Do you want to challenge yourself on the slopes? Then 'free the heel, free the mind' and give telemarking a go!

Telemark skiing is a form of downhill skiing where the boot is attached to the ski at the toe and the heel is able to move vertically. The word telemark actually denotes a type of turn where the downhill ski is moved ahead of the uphill ski, with the inside knee bent significantly. Although boots are stiff like those used for downhill skiing, the 'bellows' in the forefoot allow the boot the flex during turns.

Telemark skiing is more difficult than normal alpine skiing, requiring good balance and a lot of strength in the legs. However many skiers convert to telemarking looking for a new challenge, or because of the 'surfy' feel associated with telemarking in powder.

There’s no reason why you can’t try telemarking, and it's worth taking a few lessons and renting equipment before investing in all the gear. Not all rental shops stock equipment, so it's worth doing some research before you travel. It’s best to start with an easy-turning ski, like a relatively wide twin-tip. Many telemark skiers opt for a regular alpine freeride on which they mount telemark bindings, which feature adjustable springs to retain the boot (often referred to as ‘free-heel’ bindings).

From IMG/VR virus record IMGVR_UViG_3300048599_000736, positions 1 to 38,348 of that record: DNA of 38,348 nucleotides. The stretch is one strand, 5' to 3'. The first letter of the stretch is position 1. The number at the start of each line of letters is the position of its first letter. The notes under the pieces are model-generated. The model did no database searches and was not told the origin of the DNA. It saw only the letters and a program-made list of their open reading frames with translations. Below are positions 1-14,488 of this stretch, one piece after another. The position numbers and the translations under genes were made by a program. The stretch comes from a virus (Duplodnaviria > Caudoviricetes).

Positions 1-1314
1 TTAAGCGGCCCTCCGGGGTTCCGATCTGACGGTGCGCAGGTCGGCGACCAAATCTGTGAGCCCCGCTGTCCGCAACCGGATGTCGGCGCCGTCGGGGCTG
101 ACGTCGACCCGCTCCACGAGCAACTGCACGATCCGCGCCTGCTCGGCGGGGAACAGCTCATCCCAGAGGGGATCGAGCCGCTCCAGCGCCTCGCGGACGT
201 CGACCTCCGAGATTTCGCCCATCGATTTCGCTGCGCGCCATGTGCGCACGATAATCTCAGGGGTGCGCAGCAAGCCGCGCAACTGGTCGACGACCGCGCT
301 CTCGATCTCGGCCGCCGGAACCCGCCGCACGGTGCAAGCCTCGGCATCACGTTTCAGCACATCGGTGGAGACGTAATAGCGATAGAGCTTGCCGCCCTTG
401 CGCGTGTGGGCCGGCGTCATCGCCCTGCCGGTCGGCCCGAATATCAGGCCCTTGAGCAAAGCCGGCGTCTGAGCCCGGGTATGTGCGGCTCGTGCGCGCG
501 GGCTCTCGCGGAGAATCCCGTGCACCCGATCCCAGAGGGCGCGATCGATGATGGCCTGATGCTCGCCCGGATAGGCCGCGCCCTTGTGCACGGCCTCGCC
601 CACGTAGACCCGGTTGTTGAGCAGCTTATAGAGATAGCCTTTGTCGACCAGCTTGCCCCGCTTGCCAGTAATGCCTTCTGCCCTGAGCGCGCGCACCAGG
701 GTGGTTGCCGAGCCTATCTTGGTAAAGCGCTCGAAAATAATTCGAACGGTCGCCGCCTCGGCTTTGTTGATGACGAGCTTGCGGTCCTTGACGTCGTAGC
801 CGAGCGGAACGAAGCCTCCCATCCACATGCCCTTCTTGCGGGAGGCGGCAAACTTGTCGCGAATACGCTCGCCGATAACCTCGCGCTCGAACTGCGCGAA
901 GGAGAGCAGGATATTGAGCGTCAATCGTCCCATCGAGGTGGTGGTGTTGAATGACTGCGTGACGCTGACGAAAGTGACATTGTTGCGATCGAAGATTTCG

Many major ski schools will provide telemarking tuition but again, it’s worth investigating before you travel. Specialist forums such as telemarktalk.com are useful for finding out more, plus
telemark-skiing.co.uk features some UK-specific information.


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